It's time to share some more coveted inside information that all toy collectors should know!
I know all too well that I'm a lucky bastard. My town is big enough that there are two Walmarts. If I'm willing to drive, there's one about 20 minutes north and 20 minutes south of here. If I go west, there are two Walmarts in that direction; if I go east, there are three more. Basically, I see a lot of different Walmarts, so I notice things other people don't - including the fact that not all Walmarts are created equal.
For instance, look at this Walmart:
The action figure area is one aisle long, with stuff on both sides. Pretty average, right? If this was your Walmart, you wouldn't notice anything out of the ordinary, right?
Yeah, okay, well look at this one:
The action figures still cover both sides (I know it's hard to tell from this angle, but they do) - but they also get two aisle-lengths of floor space. You can see the gap about halfway down.
Those two stores are only a few miles apart, but one of them has twice the space handed over to toys? What sense does that make?
It happens because, as much as people love to hate on the store, Walmart caters its merchandise to its clientele. A store that does a brisk business in electronics will have a larger electronics department with a better selection; a store that doesn't have much grocery competition will grow to accommodate the food shoppers. And stores that do better toy sales will get better toys. This practice isn't just limited to Walmart, by the way: does your Toys Я Us carry DC Direct toys? Some do, but my local one never has - but it does stock a ton of Minimates when others don't seem to have any.
Now, clearly this is a self-perpetuating cycle: Walmart #8675309 may not sell very many shoes, but if the company never sends them any, their sales won't have the chance to improve, will they? Of course not! Managers have some say over this - if they think they can improve in an area, they can ask the Distribution Center to send them more product. But they have to think the demand is there, so they don't get stuck with stock that's going to sit around until clearance time.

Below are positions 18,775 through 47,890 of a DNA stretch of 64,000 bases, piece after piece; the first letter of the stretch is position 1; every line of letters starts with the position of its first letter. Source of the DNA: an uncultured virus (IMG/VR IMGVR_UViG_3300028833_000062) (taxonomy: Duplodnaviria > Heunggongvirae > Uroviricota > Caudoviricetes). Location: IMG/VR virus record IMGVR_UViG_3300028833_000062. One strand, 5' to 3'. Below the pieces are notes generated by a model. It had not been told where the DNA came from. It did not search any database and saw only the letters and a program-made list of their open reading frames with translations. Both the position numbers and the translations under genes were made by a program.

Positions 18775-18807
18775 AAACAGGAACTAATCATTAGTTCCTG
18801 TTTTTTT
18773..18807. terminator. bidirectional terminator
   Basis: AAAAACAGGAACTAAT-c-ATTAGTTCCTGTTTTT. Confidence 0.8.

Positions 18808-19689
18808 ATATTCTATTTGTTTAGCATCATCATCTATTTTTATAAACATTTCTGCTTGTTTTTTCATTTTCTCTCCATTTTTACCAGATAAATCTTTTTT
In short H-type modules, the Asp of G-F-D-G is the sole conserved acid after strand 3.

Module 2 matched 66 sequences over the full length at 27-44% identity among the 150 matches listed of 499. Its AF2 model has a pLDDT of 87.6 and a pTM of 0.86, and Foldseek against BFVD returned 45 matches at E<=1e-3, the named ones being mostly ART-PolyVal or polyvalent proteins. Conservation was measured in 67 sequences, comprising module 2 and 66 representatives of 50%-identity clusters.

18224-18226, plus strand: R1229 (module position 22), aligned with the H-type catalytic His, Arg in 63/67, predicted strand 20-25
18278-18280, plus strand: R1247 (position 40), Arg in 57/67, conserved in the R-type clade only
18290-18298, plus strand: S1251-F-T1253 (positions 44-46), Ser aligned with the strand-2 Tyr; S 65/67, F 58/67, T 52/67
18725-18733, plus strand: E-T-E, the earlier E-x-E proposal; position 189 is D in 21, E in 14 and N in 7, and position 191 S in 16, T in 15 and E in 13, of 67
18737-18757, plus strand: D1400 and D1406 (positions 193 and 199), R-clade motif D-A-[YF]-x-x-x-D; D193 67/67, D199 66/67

It's not just a question of the amount of product these stores receive, but the actual kinds as well. Look at those two photos above: which store do you think got in the Crime Syndicate box set and the Green Lanterns? Which one do you think got in Captain America and Thor? Which one had the multiple complete sets of DCU Classics Series 5 that I picked up for everybody? Which one let me do this? When I look back at all the Walmart-exclusive toys I've gotten, 75% of them came from the "good" Walmart, but it's not just that: the first GI Joe Renegades/30th Anniversary toys I found were there, as well as some hard-to-find Star Wars figures, the DC Action League and the Young Justice deluxe sets. How about the comicbook Iron Monger figure that everybody went nuts for? Yeah, it was all at that store.
On the other hand, the "bad" Walmart did have some Joes that I still have yet to see elsewhere, like the ultra-rare Zombie Viper and a few others, and they have their Episode 1 display up already, so sometimes they are ahead of the curve. But not often.
When I said in the Thor and Captain America reviews that I found the figures at the more toy-friendly Walmart, people didn't seem to know what I was talking about. Well, now you do: not every Walmart has the same toy department, so if you've ever felt like your store doesn't get in the good stuff, you may be right...